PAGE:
Intro to Investing for Students

Risk Appetites

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The concept of investing is not a new one. It is said it originated in Amsterdam in the 1600s but there is also evidence that it originated from the 'Code of Hammurabi' all the way back in 1700 BC. However, the framework for investing has been constantly evolving and its necessity is ever more important in the modern world.

Here we will be covering how you, as students, can learn the basic concepts of investing to make your financial future a little bit more secure and your wallets a little heavier.

So, what does Risk Appetite even mean? Well in layman's terms, it is the amount of money you're willing to lose in your investment. The higher your risk appetite = the higher the amount of money you're willing to lose to gain.

Low Risk Appetite

One of the lowest risk investments are high-yield savings accounts.

These are investments where you park your money and let it incur interest over time with little to no risk of losing your money. The values of these interest rates do vary, as they can start from 2.38% and go up to 6.15%. The percentage depends on the banks itself.

An important caveat is that a lot of these high-yield savings accounts do require you to do certain things to get the maximum amount of interest. Examples are like spending + depositing + investing on their platform or they could even require you to maintain a specific amount in the account; usually these amounts are around RM 100,000 to RM 200,000 (pro tip: the latter requirement is not ideal for students)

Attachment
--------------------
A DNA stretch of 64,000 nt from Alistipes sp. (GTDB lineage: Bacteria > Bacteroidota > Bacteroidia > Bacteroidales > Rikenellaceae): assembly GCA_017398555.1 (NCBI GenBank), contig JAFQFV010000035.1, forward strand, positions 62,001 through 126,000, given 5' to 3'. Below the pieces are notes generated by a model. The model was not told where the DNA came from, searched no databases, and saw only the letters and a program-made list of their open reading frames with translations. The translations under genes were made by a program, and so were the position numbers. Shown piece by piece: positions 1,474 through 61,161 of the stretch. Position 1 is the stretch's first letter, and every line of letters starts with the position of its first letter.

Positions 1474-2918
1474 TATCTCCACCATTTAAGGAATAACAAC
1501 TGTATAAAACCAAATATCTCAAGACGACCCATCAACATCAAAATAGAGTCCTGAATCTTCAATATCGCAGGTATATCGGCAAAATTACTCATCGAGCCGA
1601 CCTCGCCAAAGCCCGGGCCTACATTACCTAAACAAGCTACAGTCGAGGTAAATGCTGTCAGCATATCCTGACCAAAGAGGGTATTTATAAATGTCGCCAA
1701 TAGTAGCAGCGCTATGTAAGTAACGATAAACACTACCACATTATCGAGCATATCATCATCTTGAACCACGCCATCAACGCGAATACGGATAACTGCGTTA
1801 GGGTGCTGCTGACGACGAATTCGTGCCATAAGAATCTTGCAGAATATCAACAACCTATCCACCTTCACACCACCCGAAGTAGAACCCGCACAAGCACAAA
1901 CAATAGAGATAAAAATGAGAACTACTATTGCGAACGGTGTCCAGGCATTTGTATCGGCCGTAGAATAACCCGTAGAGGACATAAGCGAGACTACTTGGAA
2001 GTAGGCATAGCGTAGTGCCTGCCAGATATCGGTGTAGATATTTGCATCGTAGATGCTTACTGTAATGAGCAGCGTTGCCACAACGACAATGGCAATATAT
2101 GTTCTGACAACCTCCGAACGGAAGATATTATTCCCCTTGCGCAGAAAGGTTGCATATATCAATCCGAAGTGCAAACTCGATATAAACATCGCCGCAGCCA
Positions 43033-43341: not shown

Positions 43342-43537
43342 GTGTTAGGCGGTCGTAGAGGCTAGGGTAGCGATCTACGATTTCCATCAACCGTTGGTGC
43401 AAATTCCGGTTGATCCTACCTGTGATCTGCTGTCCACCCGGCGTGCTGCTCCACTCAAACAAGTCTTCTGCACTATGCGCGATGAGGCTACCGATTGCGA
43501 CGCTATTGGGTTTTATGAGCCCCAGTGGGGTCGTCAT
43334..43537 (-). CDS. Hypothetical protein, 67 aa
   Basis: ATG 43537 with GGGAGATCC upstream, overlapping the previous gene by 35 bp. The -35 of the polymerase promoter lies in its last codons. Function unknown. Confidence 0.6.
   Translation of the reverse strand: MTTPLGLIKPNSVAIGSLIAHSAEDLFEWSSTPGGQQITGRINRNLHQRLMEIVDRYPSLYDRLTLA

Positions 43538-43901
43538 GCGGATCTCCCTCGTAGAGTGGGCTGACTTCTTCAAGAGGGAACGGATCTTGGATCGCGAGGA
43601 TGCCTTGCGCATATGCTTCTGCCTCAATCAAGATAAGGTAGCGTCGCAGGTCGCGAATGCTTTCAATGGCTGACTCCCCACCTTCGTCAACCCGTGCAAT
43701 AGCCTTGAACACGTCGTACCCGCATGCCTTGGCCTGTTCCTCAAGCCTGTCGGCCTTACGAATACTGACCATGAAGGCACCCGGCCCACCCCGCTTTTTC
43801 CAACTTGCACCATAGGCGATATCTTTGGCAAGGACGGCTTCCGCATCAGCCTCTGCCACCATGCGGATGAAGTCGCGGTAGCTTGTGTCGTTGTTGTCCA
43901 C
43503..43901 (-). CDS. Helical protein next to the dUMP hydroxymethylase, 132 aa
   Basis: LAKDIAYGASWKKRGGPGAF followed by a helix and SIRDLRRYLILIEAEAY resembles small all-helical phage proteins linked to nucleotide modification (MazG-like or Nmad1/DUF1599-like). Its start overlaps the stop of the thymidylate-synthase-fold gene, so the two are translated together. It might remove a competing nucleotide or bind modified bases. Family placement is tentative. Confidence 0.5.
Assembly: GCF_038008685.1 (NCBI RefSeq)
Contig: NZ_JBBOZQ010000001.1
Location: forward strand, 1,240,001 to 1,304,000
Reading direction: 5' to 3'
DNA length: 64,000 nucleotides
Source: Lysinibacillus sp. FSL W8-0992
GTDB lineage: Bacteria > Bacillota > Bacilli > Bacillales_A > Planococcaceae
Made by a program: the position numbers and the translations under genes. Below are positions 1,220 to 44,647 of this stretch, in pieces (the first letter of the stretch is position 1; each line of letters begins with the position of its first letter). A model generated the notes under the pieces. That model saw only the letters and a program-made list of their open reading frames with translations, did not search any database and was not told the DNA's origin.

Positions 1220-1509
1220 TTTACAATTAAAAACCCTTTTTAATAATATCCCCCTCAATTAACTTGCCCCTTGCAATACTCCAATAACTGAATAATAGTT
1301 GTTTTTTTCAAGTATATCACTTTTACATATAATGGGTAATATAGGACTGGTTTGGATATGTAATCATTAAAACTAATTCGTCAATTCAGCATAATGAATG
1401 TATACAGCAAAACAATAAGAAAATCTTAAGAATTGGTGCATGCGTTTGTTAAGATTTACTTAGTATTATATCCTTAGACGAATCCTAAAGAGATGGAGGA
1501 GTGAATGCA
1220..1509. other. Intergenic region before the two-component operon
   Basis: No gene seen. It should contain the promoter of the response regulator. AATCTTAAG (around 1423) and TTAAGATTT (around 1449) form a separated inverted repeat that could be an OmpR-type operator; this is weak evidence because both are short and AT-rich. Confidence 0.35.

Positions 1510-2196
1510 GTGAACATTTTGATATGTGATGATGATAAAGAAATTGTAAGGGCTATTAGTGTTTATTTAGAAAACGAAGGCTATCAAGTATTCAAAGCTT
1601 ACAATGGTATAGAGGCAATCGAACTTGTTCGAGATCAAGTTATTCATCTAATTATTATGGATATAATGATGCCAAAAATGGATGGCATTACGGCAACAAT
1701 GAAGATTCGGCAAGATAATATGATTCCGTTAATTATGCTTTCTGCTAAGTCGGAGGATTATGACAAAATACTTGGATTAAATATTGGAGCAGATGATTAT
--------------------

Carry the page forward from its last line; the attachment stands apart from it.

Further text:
If all you want to do is park your money and forget about it while you still make a little money annually, then this method is perfect for you.

Another low-risk method of investing is something called Robo-advisors. These robo-advisors give you a risk assessment to complete and after you're done, it will create a customized investment portfolio that suits your needs.

An amazing feature of these platforms is they also have something similar to high-yield savings accounts, where you can park your money and it will incur interest over time. Also, the interest rates are usually more attractive since you will be earning the maximum interest rate for just using the platform. The biggest benefit is that your money is incredibly liquid; only requiring a couple of days to withdraw and deposit.

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Moderate Risk Appetite

With moderate risk investing, you're going to need to be able to stomach some losses. Usually, this is as far as the average student investor would go but it's not a bad place to keep your risk ceiling at.

Your gains will certainly be higher but at the expense of a potential loss. Examples of moderate risk investing would be spot trading stocks and index funds.

Spot trading stocks is buying a stock at a specified market value, the losses and gains are made at the 1-to-1 increase or decrease of stock price. For example, if you buy a stock at RM1.20 and the next day it goes up to RM 1.40, you just made RM0.20 in profit. It also works the other way around.